U.S. News & World Report has given Wright State University’s online master’s in Education degree program training teachers to be leaders in the field the No. 1 ranking in faculty credentials and training.
Wright State’s score in the magazine’s “Top Online Graduate Education Programs” exceed that of schools such as Syracuse University and the University of Southern California.
Jill Lindsey, Ph.D., chair of Leadership Studies in Education & Organizations at Wright State, said the honor validates the priority and emphasis the program places on recruiting and retaining high quality faculty.
“Half are tenured faculty and half are fresh out of the superintendency, but all were teachers and administrators,” Lindsey said. “They bring that authentic life experience to the classroom. It keeps students relevant to what’s going on in schools today. And our faculty are known for going above and beyond.”
In addition to the No. 1 ranking for faculty credentials and training, U.S. News also placed Wright State’s program on the magazine’s honor roll for student engagement and accreditation; and student services and technology.
“Our faculty are very focused on student engagement,” Lindsey said. “And we try to stay on the cutting edge of innovative ways to incorporate technology and learning tools into the classroom.”
The Master of Education is a teacher leadership program focused on curriculum, instruction and professional development for educators who want to remain in the classroom and mentor younger teachers, develop curriculum, improve teaching strategies or oversee special programs for students. It is also the initial coursework for those who aspire to be principals and superintendents.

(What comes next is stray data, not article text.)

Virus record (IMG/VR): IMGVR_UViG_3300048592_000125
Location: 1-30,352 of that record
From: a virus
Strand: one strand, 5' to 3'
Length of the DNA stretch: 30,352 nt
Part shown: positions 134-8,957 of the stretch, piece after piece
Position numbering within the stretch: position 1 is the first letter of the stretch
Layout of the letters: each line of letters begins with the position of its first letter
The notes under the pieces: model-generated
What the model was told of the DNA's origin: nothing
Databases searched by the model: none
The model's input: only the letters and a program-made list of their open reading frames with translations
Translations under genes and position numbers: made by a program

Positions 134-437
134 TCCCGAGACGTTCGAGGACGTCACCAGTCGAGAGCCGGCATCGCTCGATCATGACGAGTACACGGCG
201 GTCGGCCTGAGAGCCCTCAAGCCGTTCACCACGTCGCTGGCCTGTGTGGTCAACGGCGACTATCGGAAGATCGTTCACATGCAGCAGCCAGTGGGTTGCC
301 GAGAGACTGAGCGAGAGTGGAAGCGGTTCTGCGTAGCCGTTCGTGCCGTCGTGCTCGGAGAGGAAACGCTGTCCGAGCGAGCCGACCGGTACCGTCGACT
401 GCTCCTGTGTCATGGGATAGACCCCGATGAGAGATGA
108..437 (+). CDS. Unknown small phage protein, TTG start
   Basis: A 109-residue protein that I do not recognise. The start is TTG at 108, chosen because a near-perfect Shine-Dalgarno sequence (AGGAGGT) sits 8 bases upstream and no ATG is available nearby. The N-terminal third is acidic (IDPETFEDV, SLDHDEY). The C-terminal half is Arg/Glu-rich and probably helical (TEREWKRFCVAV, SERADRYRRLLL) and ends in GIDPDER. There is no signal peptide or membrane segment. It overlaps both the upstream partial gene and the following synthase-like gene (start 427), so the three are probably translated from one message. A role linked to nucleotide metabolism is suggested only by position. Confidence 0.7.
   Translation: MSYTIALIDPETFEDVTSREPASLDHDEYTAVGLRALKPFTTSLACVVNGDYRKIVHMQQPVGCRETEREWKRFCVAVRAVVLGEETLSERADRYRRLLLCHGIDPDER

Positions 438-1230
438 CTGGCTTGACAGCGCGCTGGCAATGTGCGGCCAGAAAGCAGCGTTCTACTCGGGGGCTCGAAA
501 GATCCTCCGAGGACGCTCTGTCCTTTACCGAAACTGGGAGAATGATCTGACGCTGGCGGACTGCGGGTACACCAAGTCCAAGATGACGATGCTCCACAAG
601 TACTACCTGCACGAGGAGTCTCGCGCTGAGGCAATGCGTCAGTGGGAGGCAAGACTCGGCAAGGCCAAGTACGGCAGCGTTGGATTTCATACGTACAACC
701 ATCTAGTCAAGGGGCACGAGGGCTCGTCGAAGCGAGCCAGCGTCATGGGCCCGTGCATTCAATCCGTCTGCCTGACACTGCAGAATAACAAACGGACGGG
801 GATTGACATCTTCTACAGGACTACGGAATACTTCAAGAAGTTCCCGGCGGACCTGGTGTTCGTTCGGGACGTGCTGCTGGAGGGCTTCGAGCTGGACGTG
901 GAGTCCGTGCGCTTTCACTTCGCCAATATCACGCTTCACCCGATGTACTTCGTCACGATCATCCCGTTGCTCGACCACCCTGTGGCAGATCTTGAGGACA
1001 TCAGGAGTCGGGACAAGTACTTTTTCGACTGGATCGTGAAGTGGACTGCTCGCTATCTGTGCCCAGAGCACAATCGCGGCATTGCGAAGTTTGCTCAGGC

The Teacher Leader Program began in the 1970s as a way to reach out to students by sending faculty members to teach courses in outlying areas where there were a significant number of students, such as Wapakoneta, Marysville, Washington Court House, Batavia and Forest Hills.
As online technology developed, the program morphed into a hybrid model, with some of the courses and cohorts—or groups of students–being taught both face-to-face and online. In 2004 some of the cohorts went fully online; today, most of the cohorts are online.
The department has 22 faculty and staff members, seven of whom teach in the Teacher Leader Program. The online program delivery was spearheaded by Program Advisor Grant Hambright, Ed.D., and has graduated 260 students.
Students who take the online classes log in at a designated time and can see the instructor and Power Point presentations on their computer screens. Some students have webcams and are visible to the teacher and other students. Others are represented by icons and can respond verbally or by typing. Some courses are set up in modules in which students complete coursework at their own pace and are required to pass exams to advance.
“The nice part of online offerings is that we can still offer remote cohort learning opportunities even when we don’t have a collection of teachers in the same locale,” Lindsey said.